Olga Costa's forgotten painting
The work of this Mexican-German artist, a benchmark of Mexican modernism, is shown for the first time in Europe
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One of the best known paintings by Olga Costa is The Fruit Seller, a colorful oil painting of a sturdy Indigenous vendor surrounded by baskets with more than 50 varieties of fruits and vegetables typical of Mexico: pineapple, mamey, sapotes, guanabanos, cherimoyas, bananas, watermelon, pears, pumpkins.....
The work, a public commission that the artist received in 1951, which today belongs to the Museum of Modern Art in Mexico City, is considered a reference of Mexican modernism and has even adorned the covers of first grade textbooks in the country. However, in Germany, the country where Costa was born, her work is still completely unknown.
For this reason, the Museum of Fine Arts Leipzig (MdbK) has just opened the first major exhibition in Europe dedicated to the Mexican artist of the last century, whose work stood out not only for her particular look when portraying the nature and landscapes of her adopted homeland — between fantastic and poetic — but also for the way she approached the challenge of embracing the Mexican identity through painting and reinventing herself as a woman artist in a much more macho and paternalistic culture than that of her country of origin.
The daughter of a Jewish-Ukrainian artist couple who left Odessa for Leipzig in search of better opportunities, Costa spent her early childhood in this Eastern German city until the family emigrated to Berlin and later to Mexico in 1925.
For Olga, then 13 years old, arriving in Mexico was like arriving in the promised land.
“A whole new world was revealed to her there,” said Sabine Hoffmann, curator of the exhibition. “She was fascinated by the colors, the people, the large murals that decorate Mexico City. In fact, she very quickly accepted her new home as her own.”
In Mexico, Costa grew up in the circle of intellectuals and artists in which her parents moved, and when she finished high school she enrolled in the National School of Plastic Arts to study painting, although she did not finish her studies. It was at the school where she met her future husband, artist and activist José Chávez Morado, whom she married in 1935. From then on, she began her career as a full-time self-taught painter and her ‘Mexicanization’ began. The first thing she did was to change her last name, Kostakowsky, to Costa, her artistic name.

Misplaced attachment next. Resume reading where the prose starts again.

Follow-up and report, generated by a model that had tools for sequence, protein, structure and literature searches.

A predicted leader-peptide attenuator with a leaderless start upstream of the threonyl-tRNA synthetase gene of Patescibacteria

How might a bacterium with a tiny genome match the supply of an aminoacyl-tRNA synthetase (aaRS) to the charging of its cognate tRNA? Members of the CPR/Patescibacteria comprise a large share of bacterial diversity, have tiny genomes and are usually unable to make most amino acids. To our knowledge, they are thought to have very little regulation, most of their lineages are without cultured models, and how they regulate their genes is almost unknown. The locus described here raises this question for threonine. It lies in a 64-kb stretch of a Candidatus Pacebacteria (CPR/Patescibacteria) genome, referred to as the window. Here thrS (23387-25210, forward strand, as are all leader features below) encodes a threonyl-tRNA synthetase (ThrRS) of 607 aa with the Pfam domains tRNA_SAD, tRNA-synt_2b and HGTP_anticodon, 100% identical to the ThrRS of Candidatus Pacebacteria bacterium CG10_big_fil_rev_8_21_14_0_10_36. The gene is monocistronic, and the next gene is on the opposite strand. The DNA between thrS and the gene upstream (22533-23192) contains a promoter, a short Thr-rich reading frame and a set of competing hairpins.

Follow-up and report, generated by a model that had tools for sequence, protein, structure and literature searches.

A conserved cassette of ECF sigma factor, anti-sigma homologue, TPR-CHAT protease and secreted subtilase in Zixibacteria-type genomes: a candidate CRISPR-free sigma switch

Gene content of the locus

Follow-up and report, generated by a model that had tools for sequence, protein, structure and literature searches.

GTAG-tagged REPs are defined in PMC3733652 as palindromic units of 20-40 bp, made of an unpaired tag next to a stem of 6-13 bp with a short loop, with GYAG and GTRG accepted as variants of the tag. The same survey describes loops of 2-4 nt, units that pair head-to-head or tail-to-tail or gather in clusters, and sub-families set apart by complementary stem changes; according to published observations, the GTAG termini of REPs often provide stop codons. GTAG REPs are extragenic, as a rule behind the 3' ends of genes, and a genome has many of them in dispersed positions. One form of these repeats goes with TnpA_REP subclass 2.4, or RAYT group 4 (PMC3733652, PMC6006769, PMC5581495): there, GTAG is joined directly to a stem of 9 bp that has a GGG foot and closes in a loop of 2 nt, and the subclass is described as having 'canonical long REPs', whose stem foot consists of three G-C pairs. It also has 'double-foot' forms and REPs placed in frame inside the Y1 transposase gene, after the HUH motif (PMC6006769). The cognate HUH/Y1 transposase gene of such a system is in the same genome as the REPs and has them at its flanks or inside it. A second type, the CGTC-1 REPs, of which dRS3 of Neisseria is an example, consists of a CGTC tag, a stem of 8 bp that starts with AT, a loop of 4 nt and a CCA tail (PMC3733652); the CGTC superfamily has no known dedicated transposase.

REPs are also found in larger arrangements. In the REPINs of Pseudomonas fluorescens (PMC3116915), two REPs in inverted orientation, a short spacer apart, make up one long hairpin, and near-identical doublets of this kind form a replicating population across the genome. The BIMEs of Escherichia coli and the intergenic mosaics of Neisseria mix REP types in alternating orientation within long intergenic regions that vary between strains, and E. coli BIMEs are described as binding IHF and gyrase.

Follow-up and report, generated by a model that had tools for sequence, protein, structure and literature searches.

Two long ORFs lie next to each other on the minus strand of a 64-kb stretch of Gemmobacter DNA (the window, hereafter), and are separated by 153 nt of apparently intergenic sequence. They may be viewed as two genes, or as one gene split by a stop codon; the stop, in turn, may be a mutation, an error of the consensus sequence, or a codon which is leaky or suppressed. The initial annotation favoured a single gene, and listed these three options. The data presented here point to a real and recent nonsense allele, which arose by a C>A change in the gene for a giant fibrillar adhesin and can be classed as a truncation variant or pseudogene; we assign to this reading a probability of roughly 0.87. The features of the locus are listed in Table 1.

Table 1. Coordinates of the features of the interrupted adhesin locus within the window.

A new identity
“When she was young, Costa identified with her new homeland and searched for a suitable form of artistic expression. This active and serious search is not, however, a linear process,” observes art historian Stefan Weppelmann in the exhibition catalog.
Her early works depict people from her surroundings and scenes from everyday life, as well as a keen interest in the customs and life of the Indigenous population, a hobby she shared with her husband, with whom she promoted the creation of pre-Hispanic art museums in the Guanajuato region.
Later, poetic impressions of nature dominate her artwork, where jewelry and artifacts from her personal collection of Indigenous art also seep in. Costa was trying to reaffirm his new Mexican identity through painting.
On the other hand, her work also served to reaffirm her as a woman artist. One of her earliest paintings, from 1934, is a self-portrait in which she appears in the center, brush in hand, dressed in a modern cut suit, blue eyes looking to the side, defiantly.
“This self-confidence is also reflected in her egalitarian relationship with her Mexican husband. Her famous colleague Frida Kahlo also has a marriage of equals. The fact that they both had German parents may be the reason for her emancipated attitude in the midst of the macho Mexican culture,” Hoffmann concludes.
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